In what was likely his last collegiate football game Myjai Sanders had a solid performance against Alabama in the Cotton Bowl. Sanders could be on the Chiefs’ radar headed into draft season.
No better way to bring in the new year than the College Football Playoff and all the New Years’ bowl games that come with it. While the action on the field was lackluster, and the games rather were rather predictable, there was an amazing assortment of talent across the four teams to make the final four.
The Cincinnati Bearcats magic season came to an end, losing 27-6 at the hands of the Alabama Crimson Tide who boasts the game’s best player Heisman Trophy Winner Bryce Young, as well as the best coach in the history of the college game Nick Sabban. Cincinnati came up short, but a diamond in the rough emerged one that will draw the intrigue of NFL scouts and one who already has.
Edge Myjai Sanders finished what will be his last game for the Bearcats with seven total tackles, a tipped pass, and five quarterback pressures. Against a less mobile quarterback, he could have had a sack or two, but there is a reason why Bryce Young is the Heisman Trophy winner.
Sanders has been a player of intrigue for a while now. He has only recorded 13.5 career sacks as a four-year player for the Bearcats, but he came in as a raw player with not much experience, and no real pass rush moves. The college game, especially in the conference he played in (AAC) relies on quick passes and spread attacks that limit what pass rushers can do production-wise. His film doesn’t match the numbers he puts up in the box score. This was on full display early in the semifinal game.
The first thing that shows up in the film is the burst and quickness that Sanders plays with. At 6’5″ and 255 pounds he has the prototypical edge rusher physique, but the way he can set up speed on the outside to an inside rush shows off tremendous change of direction ability as well as a great understanding of how to find the quickest path to the quarterback.
The other major trait that pops out for Sanders is his ability to play the run game. He takes pride in it, and that is exactly what the Chiefs are looking for in a player.
He has a great knee bend and plays with good leverage. His long arms can help him set the edge against outside zone and stretch plays while his leverage and natural power make him hard to move for inside runs or when he is on the backside. Alabama has a couple of elite offensive tackles (left tackle Evan Neal will be a top-five pick), and at times he looked to be dominating them in the run game.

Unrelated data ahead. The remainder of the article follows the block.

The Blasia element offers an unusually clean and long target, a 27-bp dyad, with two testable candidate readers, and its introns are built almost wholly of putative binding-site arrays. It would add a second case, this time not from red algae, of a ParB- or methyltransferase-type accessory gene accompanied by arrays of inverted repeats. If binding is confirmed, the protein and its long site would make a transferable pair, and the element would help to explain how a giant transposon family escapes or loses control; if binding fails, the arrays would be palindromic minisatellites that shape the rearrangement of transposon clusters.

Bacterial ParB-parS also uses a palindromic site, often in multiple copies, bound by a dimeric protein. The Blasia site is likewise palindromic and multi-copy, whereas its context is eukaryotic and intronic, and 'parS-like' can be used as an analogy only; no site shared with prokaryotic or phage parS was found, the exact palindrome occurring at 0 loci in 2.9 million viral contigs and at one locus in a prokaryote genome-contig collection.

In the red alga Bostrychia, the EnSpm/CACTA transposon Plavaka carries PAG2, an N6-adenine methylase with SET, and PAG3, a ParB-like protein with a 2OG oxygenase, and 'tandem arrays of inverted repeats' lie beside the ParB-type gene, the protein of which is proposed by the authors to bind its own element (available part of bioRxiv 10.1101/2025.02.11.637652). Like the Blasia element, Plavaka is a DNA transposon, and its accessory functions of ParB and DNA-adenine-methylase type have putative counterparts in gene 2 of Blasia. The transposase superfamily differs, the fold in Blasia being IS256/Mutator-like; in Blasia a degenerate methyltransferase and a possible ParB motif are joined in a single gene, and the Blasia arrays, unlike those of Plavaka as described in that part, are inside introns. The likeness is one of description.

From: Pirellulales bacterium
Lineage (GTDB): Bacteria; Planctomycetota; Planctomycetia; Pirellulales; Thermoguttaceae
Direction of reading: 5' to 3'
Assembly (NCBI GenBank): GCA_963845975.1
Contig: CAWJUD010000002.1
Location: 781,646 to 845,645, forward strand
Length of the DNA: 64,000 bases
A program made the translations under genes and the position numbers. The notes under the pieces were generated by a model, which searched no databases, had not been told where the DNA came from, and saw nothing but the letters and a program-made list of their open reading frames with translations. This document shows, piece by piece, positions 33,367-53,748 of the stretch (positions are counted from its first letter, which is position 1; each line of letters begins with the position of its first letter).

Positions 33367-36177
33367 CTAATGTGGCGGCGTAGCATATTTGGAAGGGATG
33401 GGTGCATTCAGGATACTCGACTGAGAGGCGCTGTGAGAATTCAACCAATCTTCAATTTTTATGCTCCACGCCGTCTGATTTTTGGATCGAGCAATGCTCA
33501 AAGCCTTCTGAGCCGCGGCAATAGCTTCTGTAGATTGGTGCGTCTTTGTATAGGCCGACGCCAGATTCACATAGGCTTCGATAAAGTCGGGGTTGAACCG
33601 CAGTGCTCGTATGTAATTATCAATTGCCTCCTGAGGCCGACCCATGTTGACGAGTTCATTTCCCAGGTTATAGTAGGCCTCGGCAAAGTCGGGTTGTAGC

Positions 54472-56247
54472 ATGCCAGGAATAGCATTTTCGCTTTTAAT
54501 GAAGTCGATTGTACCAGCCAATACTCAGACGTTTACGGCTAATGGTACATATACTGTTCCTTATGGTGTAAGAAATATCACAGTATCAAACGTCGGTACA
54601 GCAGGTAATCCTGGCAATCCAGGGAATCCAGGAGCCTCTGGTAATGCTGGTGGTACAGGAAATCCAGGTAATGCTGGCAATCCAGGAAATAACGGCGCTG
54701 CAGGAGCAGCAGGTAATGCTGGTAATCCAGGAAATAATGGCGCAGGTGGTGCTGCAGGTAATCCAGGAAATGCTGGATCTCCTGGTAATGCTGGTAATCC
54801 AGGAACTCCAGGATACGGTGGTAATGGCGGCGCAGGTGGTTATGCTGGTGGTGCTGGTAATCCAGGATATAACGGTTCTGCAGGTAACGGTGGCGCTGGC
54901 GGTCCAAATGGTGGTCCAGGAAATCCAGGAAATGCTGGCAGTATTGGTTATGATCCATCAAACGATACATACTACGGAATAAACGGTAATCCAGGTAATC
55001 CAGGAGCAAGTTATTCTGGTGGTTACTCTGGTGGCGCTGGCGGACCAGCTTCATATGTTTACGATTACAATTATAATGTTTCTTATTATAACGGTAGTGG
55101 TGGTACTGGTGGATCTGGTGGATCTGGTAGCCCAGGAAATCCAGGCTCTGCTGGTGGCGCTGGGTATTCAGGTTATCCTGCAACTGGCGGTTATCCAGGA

Guys with his frame generally don’t generate as much power, but with his first step tackles are prepared to have to block against the outside speed rush all night. He used that to set himself up perfectly to win with powerful bull rushes, as well as some inside moves to the B gap. He is putting a lot of force into much larger men and was winning at a consistent rate.
I’m not an expert, but if Nick Sabban is using two tight ends to help block a defensive end, as well as a tackle then that shows how much respect Sanders had earned through the night. Amazingly enough, he was still able to win this rep and get a hand on the ball just as Young let it go.
This game wasn’t the first time I’ve posted about Sanders and I hope it won’t be the last. His lack of numbers in the box score from a sack standpoint this season will cause him to fall in the draft and on big boards. That being said Alabama is the gold standard of college football and at no point during the evening did he ever look outmatched, in fact, quite the opposite.
A player like Sanders could be a tremendous second or third-round selection for the Chiefs, and if paired with the right coach, right scheme, and right pass-rushing partner could be a guy that JUMPS onto the scene in the NFL. The tools are there, he has improved his pass rush ability every season, he is a tough physical run-stopper, very high motor, and he plays sound team defense.
Opportunity awaits at the next level for Sanders hopefully, the Kansas City Chiefs take notice.